December 13, 2018, San Fernando, Pampanga, Philippines – A visit to the Philippines brought two Adrian Dominican Sisters the opportunity to explore the many ministries of Sisters in the Congregation’s Our Lady of Remedies Mission Chapter, time to cherish the renewal of friendships, and to bid farewell to a Sister who passed to the next life. The visit was hosted by Sister Rosita Yaya, OP, Chapter Prioress of Our Lady of Remedies, and by the Sisters of the Chapter.
Sister Elise D. García, OP, General Councilor, was accompanied on the trip by Sister Marcine Klemm, OP, who lived and ministered with the Sisters from 1968 to 1973 when their mission was first taking root in the Philippines. At the request of Bishop Emilio Cinense, Bishop of the then Diocese of San Fernando, Mother Gerald Barry in 1961 agreed to help in the formation of a group of Filipina women into religious life. Four young women completed the formation process in Adrian, Michigan, and in 1965 returned to their country to begin a new life. Sister Marcine later ministered and lived with the Sisters of the Dominican Congregation of Our Lady of Remedies.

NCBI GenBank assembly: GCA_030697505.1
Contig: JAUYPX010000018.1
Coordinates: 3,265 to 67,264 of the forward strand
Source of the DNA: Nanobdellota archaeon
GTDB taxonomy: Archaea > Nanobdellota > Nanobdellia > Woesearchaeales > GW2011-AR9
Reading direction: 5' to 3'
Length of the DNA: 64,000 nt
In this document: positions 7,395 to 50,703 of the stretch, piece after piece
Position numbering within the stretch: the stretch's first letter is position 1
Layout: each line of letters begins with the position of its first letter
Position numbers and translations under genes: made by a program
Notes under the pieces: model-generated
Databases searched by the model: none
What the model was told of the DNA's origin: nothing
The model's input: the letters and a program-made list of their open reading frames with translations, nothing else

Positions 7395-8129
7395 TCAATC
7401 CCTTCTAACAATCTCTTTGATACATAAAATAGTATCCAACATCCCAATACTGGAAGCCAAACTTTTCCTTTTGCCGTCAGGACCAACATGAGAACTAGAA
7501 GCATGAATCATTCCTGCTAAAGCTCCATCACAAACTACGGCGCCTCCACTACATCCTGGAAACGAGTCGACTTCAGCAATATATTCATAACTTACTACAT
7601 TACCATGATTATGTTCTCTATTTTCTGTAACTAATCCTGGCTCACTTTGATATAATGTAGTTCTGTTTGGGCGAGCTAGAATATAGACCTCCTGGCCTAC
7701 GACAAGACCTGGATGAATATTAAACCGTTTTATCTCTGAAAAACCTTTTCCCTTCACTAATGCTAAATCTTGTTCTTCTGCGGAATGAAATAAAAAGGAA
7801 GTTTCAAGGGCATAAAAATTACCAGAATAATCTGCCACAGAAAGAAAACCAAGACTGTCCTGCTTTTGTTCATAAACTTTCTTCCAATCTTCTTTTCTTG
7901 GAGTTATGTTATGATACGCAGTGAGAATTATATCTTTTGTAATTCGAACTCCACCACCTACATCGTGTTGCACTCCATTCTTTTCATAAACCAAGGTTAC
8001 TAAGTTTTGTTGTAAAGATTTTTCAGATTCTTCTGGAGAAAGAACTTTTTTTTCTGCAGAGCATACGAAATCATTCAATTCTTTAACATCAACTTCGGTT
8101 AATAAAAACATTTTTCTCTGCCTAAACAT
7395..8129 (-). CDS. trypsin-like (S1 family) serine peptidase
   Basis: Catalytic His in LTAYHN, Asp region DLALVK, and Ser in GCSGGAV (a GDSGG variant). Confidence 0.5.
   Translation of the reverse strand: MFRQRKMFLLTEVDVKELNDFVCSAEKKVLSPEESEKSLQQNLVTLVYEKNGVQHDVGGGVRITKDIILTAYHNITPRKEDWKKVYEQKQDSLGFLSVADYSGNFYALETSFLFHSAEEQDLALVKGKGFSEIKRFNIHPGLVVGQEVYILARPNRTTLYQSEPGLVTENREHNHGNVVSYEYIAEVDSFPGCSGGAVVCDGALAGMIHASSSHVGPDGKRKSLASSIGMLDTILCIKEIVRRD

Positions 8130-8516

In December 1972, the Remedies Sisters became an independent Congregation. At their request, the relationship of the two Dominican Congregations came full circle, when in November 2011, the Remedies Congregation merged with the Adrian Dominican Sisters.
Sister Marcine, always revered by the Sisters in the Philippines, was fêted on November 30 with a surprise 90th birthday party, about six months early, at the San Fernando Motherhouse of the Our Lady of Remedies Chapter. The celebration included the Sisters from the Chapter, as well as people whom Sister Marcine had known from the 1960s and 1970s: Archbishop Emeritus Paciano Aniceto, former students, and friends.